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Orangeville Animal Health Service LLC

Featured Case

Glow Worm

Glow Worm was about a one-month old Holstein heifer calf when she started acting sick. She wouldn´t drink her milk and had to be tube-fed for several days. After being treated for pneumonia and diarrhea without much success, she was hauled to the nearest university referral hospital for a second opinion. There she was diagnosed with chronic pneumonia after having a respiratory culture performed. Her bloodwork showed a normal packed cell volume (PCV) which is the percentage of red blood cells in circulating blood. However she had a low total solids. Total solids are a measurement of plasma proteins. When these are low, the animal usually has an ongoing protein loss in the body. The doctors determined that Glow Worm was likely suffering from severe gastrointestinal inflammation and protein losing enteropathy. This means she was losing protein through her gut due to the severe inflammation. She needed an IV treatment to restore the protein balance to her system. After discussing treatment options with the doctors at the university, the owners decided to bring Glow Worm home as it was going to be a very costly treatment with a poor prognosis for recovery.

Once back home, the owners contacted us and we worked with the University on trying to do a less costly on-farm treatment for Glow Worm. A transfusion with whole blood was one option for correcting Glow Worm´s total solids deficit. We chose a healthy mid-lactation cow from the herd to use as a blood donor. Cows have a large milk vein running along their abdomen that blood can be easily collected from. One liter of whole blood was collected from the cow in a sterile fashion over about a 15 minute period. The average adult Holstein cow has about 40 liters of total blood volume, so one missing liter did not phase this cow. We placed an IV catheter into Glow Worm´s neck and ran the liter of blood in over 60 minutes. It´s very important to monitor the calf at the very beginning of a blood transfusion in the event of an allergic reaction. Glow Worm´s temperature was monitored for a sudden spike. After running a slow drip with no signs of a reaction in the first 15 minutes we sped up the fluid rate. Once the blood transfusion was finished, we followed it up with 5 liters of a balanced electrolyte solution over the next 24 hours. Although Glow Worm still wasn´t eating, it was important to discontinue the tube-feeding since repeated tube-feeding can cause a severe inflammation of the rumen (one of the stomach compartments). It took several days for Glow Worm to decide to eat on her own again and her total solids increased into the normal range.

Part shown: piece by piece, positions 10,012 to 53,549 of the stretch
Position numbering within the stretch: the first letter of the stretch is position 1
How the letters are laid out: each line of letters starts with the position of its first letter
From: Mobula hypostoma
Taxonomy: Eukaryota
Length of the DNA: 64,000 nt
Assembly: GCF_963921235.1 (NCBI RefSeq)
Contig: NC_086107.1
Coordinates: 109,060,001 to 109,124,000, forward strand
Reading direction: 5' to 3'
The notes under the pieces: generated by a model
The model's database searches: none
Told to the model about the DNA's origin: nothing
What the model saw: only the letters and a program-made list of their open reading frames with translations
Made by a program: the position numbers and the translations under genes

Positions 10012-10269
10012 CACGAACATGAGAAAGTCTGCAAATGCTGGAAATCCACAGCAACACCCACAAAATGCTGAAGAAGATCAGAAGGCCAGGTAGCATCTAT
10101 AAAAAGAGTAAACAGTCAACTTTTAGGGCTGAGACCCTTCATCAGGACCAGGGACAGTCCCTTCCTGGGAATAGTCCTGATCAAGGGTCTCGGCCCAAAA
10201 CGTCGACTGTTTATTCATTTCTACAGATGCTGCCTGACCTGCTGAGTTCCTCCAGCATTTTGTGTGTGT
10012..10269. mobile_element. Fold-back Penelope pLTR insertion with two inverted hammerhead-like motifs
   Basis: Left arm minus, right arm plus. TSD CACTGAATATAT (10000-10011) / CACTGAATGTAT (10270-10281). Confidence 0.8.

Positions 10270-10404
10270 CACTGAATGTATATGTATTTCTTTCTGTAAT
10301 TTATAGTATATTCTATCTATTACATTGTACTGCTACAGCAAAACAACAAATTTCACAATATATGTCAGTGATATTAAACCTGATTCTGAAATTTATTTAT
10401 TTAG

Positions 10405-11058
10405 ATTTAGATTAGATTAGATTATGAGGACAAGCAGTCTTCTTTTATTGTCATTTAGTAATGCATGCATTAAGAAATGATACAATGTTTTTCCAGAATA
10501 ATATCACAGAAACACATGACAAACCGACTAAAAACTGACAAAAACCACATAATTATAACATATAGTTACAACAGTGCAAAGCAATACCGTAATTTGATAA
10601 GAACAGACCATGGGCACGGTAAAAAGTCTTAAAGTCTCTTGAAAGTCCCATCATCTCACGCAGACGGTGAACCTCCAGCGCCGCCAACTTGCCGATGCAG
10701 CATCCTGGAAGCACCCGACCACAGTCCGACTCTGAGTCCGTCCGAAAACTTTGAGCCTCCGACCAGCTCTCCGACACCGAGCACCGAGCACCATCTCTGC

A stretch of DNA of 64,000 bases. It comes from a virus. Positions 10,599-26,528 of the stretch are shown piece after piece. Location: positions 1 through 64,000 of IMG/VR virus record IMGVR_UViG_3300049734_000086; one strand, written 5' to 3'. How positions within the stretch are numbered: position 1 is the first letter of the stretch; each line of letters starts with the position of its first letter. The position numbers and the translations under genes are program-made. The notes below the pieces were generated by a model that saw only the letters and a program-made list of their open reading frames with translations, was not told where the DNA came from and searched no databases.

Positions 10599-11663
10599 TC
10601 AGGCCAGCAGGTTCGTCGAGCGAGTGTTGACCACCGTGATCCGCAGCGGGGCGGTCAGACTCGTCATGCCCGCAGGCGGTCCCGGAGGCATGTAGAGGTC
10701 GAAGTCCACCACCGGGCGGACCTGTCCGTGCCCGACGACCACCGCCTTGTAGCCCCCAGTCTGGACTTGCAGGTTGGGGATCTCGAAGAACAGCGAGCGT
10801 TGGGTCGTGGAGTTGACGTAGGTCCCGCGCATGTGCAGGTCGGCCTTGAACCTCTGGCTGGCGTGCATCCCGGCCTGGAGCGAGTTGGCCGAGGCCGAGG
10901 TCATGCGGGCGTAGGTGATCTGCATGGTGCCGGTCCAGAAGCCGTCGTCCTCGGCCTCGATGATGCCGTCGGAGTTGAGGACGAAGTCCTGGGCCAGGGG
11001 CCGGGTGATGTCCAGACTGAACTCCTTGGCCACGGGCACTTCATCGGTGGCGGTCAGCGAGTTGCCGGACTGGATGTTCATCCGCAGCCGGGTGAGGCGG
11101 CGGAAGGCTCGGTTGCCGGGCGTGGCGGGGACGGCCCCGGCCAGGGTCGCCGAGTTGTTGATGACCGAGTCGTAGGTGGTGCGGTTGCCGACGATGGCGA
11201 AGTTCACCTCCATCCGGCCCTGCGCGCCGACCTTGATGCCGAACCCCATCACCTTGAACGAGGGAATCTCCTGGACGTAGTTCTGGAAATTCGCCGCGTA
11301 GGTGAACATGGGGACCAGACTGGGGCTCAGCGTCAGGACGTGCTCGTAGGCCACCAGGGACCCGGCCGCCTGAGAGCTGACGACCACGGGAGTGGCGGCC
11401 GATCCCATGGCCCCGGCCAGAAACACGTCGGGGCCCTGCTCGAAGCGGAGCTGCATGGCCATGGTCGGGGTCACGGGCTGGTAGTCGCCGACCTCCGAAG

Here you can see a picture of Glow Worm a little over 2 years after her blood transfusion. She´s just had her own calf and you would never know she had a rough start at life!

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Our Services

  • Anesthesia             
  • Boarding          
  • Dentistry              
  • Dietary counseling
  • General Health
  • Grooming
  • Laboratory
  • Radiology
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  • Ultrasound

Large Animal

  • Calf/heifer health
  • Emergency Care
  • Haul-In Chute/Portable Chute
  • Herd health

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